For 35 years, two shotgun-style houses have stood at the corner of East Seventh and North Alexander streets, symbols of a Black history unceremoniously erased from uptown Charlotte. Now the clapboard structures are about to be repurposed — this time as part of an affordable housing concept in the city’s Lakeview community.
Last week, the Harvey B. Gantt Center for African-American Arts + Culture signed papers deeding both structures to the West Side Community Land Trust, a nonprofit seeking to create “permanently affordable housing” in a part of town that is being rapidly gentrified.
The houses, designated as historic properties by the city in the 1980s, will be moved to two parcels of land in Lakeview, where the land trust is preparing to pilot an “accessory dwelling unit (ADU)” model. West Side CLT will build two single-family homes for families earning 60% to 80% of area median income (AMI) — between $50,100 and $66,800 for a family of four. (See the city’s AMI chart)
The shotgun houses, which will be renovated but historically preserved, will sit behind the new construction, allowing the new owners to rent them out at rates affordable to the community, Charis Blackmon, executive director of the land trust, said in an interview this week.
The plan, Blackmon said, is for the shotgun units to be “permanently affordable” and rented to individuals earning less than 60% of AMI. (Blackmon said the land trust is still exploring the nuances of its ADU program in preparation for the sale of these units.)
David Taylor, the Gantt Center’s president and CEO, said he and his staff for years had been looking to transfer ownership of the shotgun houses, but only under the right conditions. The historic homes, he said, “speak to the life of Black folks at a certain time in history.”
“This project will keep the historic integrity of the shotgun houses, but at the same time repurpose them as a place for someone to be able to live, which I think is a really important story,” Taylor said.
A piece of Black history
Moving the shotgun houses took on new urgency in September when two organizations — Laurel Street real estate developers and Little Rock A.M.E. Zion Church — announced plans to build a mixed-income housing development on the First Ward site where the structures now sit.
The houses were moved to the city-owned land in 1985 from their original locations on Bland Street, adjacent to the SouthEnd and Wilmore communities. For years thereafter, the buildings were used by the Gantt Center’s predecessor, the Afro- American Cultural Center, to educate visitors about Charlotte’s rich, Black history.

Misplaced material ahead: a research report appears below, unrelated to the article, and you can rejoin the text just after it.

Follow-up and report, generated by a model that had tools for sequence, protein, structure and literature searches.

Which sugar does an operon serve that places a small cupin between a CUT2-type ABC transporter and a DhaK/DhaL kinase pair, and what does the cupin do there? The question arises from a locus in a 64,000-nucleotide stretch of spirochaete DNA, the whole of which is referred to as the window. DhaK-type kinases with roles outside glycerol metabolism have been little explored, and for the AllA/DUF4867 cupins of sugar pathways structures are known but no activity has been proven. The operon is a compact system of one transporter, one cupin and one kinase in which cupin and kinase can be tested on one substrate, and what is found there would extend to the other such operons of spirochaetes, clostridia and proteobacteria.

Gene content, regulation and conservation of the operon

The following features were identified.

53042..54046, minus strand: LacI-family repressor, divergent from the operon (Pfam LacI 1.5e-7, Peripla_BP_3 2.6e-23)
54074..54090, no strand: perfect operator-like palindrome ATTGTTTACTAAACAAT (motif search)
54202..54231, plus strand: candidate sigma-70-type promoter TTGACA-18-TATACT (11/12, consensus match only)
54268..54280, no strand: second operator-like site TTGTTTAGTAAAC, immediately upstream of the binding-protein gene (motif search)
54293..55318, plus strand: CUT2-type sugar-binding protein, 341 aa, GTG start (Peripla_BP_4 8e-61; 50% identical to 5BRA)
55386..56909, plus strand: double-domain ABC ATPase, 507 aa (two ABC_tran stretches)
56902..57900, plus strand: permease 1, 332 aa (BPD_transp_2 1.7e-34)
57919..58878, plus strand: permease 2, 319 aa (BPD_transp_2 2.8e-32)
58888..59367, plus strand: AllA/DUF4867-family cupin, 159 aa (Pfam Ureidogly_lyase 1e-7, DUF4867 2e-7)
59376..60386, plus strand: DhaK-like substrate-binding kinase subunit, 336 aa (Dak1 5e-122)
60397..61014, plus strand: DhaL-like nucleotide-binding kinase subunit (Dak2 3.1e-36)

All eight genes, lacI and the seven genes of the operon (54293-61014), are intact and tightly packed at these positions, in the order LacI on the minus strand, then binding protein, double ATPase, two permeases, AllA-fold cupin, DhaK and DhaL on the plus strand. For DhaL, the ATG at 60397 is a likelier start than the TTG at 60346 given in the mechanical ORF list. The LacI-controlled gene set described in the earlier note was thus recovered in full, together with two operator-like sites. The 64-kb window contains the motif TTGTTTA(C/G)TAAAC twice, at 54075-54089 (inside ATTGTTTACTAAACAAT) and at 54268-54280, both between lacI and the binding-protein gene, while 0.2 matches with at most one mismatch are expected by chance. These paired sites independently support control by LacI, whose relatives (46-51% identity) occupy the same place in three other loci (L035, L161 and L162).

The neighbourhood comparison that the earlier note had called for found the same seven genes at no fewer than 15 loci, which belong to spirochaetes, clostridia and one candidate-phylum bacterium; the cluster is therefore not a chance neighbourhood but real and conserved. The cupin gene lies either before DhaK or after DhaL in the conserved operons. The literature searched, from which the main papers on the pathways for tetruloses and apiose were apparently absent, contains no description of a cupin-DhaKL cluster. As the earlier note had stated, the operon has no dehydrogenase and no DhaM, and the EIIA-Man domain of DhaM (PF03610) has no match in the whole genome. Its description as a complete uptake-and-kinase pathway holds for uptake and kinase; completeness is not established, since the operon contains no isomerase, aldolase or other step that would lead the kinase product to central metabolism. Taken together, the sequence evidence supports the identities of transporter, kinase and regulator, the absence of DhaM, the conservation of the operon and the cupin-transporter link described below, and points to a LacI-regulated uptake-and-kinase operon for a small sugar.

On Monday, workers were preparing the buildings for their move to west Charlotte. Their front porches and railings had been torn away, and large, steel beams had been underneath their wooden frames.
Shotgun homes, defined by their clapboard siding and long, narrow design, were once a staple in Black neighborhoods in uptown Charlotte and throughout the South, said local historian Tom Hanchett. Many existed in substandard conditions, he said, even for that era.
Most of the shotgun homes in uptown Charlotte were destroyed in the 1960s and ’70s when city leaders displaced entire Black neighborhoods under the banner of urban renewal. The two homes that were moved to First Ward are among only a few that remain.
When designating the houses as historic properties, the Charlotte-Mecklenburg Historic Landmarks Commission said the structures probably were built in the late 1890s; it described them as “an important component of Afro-American culture, both in Charlotte and throughout the Southern United States.”
“To be able to engage in a project where we are able to actually and tangibly preserve relics from our history and keep them from being demolished is just a powerful experience and a powerful narrative to be able to share,” said Blackmon.
Black said several organizations came together to make the plan work, including the city of Charlotte, which gave $49,000 to help buy the Lakeview parcels and has committed to give $70,000 toward the cost of moving the houses.
The land trust model
The West Side Community Land Trust was created to preserve affordable housing in west Charlotte communities where gentrification was displacing longterm residents. Under its business model, the trust buys land and builds homes deemed affordable for low-income families.
The families own their homes the same as any other buyer, but with a few caveats: Under the purchase agreements, the trust would guarantee buyers a set rate of appreciation on their homes – 2% for the first five years, then 3% for each year thereafter.
Buyers may sell their homes, but the trust gets a right of first refusal to buy it back, thus keeping the unit affordable for the next low-income family. The homeowners also agree to leave behind a portion of the property’s appreciated value.
Blackmon said the land-trust model is designed to create individual wealth for low-income families but more so “community wealth” that builds and preserves entire neighborhoods.
“We see that across our communities, the people, the groups, the neighborhoods that are most affected by gentrification, by displacement, by crises like that of the Covid-19 pandemic, are Black and Brown people and people of color,” she said. “So how do we address that in a capitalistic society? We’re looking at addressing that through a community wealth-building model.
Blackmon said the land trust is testing and concept, with a goal to produce 50 permanently affordable units over the next five years.